© Ugur Akinci
Galileo, Courtier: The Practice of Science in the Culture of Absolutism is an important book that should be read by all those who are interested in history of science.
This is also a book that lays to rest the simplistic notion that science has “progressed” with one great mind lighting up another; Kepler read Copernicus, Galileo studied Kepler, Tyco Brahe read Galileo, etc. and through this “natural progression” of one great mind learning from another, Science with an upper case “S” has developed.
Biagioli makes obvious that that was not really the case. Development of science has depended on careful cultivation of patron-client relationships and calibration of power differentials in the princely courts of the 16th and 17th centuries as much as the content and intrinsic worth of the theories forwarded by “natural philosophers” like Copernicus, Kepler, Galileo, etc.
The central operative concept here is “self-fashioning”, that is, the process through which lowly mathematicians (yes, mathematics was a low-brow craft-like skill back then) reinvented and fashioned themselves into “natural philosophers” in the service of the great royal houses of Europe like the House of Medici in Florence. Without that, their work was not perceived as credible and worthy of attention and patronage, regardless of the body of empirical evidence backing them up.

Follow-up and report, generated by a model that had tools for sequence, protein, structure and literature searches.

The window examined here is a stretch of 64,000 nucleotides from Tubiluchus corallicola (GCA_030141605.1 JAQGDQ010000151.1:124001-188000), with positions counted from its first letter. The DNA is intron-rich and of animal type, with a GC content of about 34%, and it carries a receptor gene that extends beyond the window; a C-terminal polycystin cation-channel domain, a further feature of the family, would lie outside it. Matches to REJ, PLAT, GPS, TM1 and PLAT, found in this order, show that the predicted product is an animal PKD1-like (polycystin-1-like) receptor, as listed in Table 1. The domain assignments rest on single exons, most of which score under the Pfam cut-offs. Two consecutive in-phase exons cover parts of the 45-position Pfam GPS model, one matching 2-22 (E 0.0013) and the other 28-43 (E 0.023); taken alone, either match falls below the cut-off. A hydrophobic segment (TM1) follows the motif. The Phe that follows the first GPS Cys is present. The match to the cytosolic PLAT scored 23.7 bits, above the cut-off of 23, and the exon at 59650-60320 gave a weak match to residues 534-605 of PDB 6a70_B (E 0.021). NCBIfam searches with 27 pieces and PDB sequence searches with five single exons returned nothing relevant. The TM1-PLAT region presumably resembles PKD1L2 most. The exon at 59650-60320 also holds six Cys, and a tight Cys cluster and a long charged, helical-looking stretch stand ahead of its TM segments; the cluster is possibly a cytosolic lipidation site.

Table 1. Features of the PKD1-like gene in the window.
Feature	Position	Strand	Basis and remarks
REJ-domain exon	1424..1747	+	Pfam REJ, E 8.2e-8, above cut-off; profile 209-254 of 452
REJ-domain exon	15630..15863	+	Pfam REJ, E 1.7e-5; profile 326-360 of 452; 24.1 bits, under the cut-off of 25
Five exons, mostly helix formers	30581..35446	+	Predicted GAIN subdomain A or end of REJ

Focusing on the great Galileo Galilei, Biagioli gives a thoroughly documented and fascinating account of the superior social networking skills through which Galileo has ingratiated himself and cultivated one patron-client relationship after another. If he lived today, his Facebook account would probably have a million “friends” on it.
When one understands the extensive and self-serving social maneuvers Galileo was engaged in all his life, his trial in 1633 comes across less as a tragedy and more like the case of a social climber who tried to chew too much power too soon for his own good.
This is one of those books, an eye-opener volume, reading after which you can’t look at those centuries with the same eyes. What has been presented to us at school as a straight forward linear process had in fact too many eddies, too many back and forth currents, ebbs and tides to make it believable. History, the reality of what had really happened, is usually too messy to express in simple formulas such as “the light of science conquered the darkness of medieval ages.” There was a LOT MORE to it and Biagioli uses 350 pages to shed light on a small tiny corner of that process.
Galileo, Courtier: The Practice of Science in the Culture of Absolutism is not an easy read but definitely worth it.